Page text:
Joseph A. Bastian
George Lynn Cross Research Professor Emeritus

Phone: (405)325-5271
Fax: (405)325-6202

RM/Lab:RH111
Dr. Bastian's Web Page

Current Research Interests and Subject Areas Available for Graduate Research

My current research interests center around the central nervous processing of electrosensory information in weakly electric fish. The goals of this work are: To achieve an understanding of the ways information received over this unique sensory system is processed in the central nervous system, and compare the behavior of specific brain structures, particularly the cerebellum, of these lower vertebrates with that of the same brain structures of higher vertebrates.

The fish that are used in these studies continuously generate an electric field around their body. A large population of receptors specialized to detect changes in this electric field are found scattered over the surface of the animal. Changes in the electric field result from the presence of other fish or objects near to the fish. So the entire system consisting of the electrical generator, the fish's electric organ, and the electrical receiver; the electroreceptors on the fish's skin, comprise an object detecting device similar to the sonar system employed by bats. Systems like these are called active sensory systems since the energy that is detected by the receiver is broadcast by the animals themselves.

To learn more about this research, visit Dr. Bastian's Web Page.


 

 

 

 

 

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Selected publications:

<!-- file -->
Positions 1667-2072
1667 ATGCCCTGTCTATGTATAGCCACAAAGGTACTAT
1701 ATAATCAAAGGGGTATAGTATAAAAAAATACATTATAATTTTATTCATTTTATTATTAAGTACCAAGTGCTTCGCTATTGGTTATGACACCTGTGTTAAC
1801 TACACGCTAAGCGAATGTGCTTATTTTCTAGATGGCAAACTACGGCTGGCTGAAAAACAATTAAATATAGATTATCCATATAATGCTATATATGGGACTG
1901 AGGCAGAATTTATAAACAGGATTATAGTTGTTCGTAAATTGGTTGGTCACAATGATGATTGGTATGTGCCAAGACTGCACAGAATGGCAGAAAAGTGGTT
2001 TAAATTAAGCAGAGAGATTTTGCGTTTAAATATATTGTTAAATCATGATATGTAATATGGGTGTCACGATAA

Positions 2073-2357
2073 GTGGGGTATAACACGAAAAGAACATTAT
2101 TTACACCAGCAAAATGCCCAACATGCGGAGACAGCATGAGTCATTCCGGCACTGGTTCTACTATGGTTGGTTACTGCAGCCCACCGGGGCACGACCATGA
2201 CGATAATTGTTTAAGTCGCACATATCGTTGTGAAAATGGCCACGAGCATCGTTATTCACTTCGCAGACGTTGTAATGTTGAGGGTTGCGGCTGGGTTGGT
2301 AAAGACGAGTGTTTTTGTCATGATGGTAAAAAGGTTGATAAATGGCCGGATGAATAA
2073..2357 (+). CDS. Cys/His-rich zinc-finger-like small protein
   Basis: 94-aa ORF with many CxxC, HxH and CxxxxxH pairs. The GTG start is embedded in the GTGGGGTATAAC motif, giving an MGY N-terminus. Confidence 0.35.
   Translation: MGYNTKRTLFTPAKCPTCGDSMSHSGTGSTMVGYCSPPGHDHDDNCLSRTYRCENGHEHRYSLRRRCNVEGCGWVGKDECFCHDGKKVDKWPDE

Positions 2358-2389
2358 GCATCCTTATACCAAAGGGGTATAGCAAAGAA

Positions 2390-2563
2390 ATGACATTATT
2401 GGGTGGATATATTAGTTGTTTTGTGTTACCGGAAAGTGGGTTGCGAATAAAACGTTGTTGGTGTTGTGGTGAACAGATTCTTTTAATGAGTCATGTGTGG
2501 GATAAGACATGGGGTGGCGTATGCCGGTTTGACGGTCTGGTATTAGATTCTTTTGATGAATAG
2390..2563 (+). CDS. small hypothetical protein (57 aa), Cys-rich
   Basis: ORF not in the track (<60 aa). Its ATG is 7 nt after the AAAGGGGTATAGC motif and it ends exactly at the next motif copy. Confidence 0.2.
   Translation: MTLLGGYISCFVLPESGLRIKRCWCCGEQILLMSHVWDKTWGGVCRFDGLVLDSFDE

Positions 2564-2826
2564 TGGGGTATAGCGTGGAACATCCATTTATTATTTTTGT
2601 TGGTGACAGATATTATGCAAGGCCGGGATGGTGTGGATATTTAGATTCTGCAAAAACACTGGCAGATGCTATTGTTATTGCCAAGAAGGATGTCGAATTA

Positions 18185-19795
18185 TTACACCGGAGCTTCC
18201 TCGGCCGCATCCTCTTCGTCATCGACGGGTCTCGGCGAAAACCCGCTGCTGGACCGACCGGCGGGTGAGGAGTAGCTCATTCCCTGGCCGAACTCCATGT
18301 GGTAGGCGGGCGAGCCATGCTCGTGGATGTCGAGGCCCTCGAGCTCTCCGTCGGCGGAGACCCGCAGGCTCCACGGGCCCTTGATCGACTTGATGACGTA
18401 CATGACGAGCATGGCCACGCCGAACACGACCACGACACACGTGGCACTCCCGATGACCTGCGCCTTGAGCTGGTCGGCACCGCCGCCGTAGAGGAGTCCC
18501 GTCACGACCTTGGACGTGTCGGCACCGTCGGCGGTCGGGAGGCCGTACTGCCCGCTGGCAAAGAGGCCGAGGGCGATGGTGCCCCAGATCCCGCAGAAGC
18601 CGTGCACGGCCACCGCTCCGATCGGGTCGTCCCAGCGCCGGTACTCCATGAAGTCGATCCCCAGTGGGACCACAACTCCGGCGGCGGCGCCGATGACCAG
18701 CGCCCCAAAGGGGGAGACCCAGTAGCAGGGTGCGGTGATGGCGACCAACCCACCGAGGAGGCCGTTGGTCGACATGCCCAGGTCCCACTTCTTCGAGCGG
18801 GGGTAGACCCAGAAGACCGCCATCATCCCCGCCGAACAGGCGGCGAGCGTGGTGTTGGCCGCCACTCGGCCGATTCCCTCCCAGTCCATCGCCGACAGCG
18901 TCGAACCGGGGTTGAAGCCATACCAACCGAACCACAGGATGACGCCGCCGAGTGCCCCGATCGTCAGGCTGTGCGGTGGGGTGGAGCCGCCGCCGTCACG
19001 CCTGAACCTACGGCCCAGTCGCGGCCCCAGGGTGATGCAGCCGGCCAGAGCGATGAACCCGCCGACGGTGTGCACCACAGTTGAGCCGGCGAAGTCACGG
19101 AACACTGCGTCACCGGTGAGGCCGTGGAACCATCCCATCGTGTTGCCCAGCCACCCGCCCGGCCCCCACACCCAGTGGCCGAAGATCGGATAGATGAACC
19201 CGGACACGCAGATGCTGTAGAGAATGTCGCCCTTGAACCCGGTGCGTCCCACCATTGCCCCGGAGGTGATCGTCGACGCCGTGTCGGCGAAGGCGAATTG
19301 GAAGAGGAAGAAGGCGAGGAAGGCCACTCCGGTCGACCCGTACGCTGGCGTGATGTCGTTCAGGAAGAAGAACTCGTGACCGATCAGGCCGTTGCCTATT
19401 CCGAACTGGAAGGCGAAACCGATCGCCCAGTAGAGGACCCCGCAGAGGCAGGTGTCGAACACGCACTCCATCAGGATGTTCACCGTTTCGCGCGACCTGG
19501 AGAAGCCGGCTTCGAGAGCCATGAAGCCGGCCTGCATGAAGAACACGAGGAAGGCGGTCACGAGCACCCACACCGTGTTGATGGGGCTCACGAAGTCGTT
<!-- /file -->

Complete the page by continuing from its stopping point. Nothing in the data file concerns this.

• Chacron, M.J., Maler, L., Bastian, J. 2005. Feedback and feedforward control of frequency tuning to naturalistic stimuli. J Neurosci 25(23):5521-5532.

  • Chacron, M.J., Maler, L., Bastian, J. 2005. Electroreceptor neuron dynamics shape information transmission. Nat Neurosci 8:673-678.

  • Oswald, A.M., Chacron, M.J., Doiron, B., Bastian, J., Maler, L. 2004. Parallel processing of sensory input by bursts and isolated spikes. J Neurosci 5:4351-4362.

  • Bastian, J., Chacron, M.J., Maler, L. 2004. Plastic and nonplastic pyramidal cells perform unique roles in a network capable of adaptive redundancy reduction. Neuron 41:767-779.

  • Chacron, M.J., Doiron, B., Maler, L., Longtin, A., Bastian, J. 2003. Non-classical receptive field mediates switch in a sensory neuron's frequency tuning. Nature 423:77-81.

  • Doiron, B., Chacron, M.J., Maler, L., Longtin, A., Bastian, J. 2003. Inhibitory feedback required for network oscillatory responses to communication but not prey stimuli. Nature 421:539-543.

  • Bastian, J., Chacron, M.J., Maler, L. 2002. Receptive field organization determines pyramidal cell stimulus-encoding capability and spatial stimulus selectivity. J Neurosci 22:4577-4590.

  • Bastian, J., Heiligenberg, W. 1980. Phase-sensitive midbrain neurons in Eigenmannia: neural correlates of the jamming avoidance response. Science 209:828-831.

 

 

 

 

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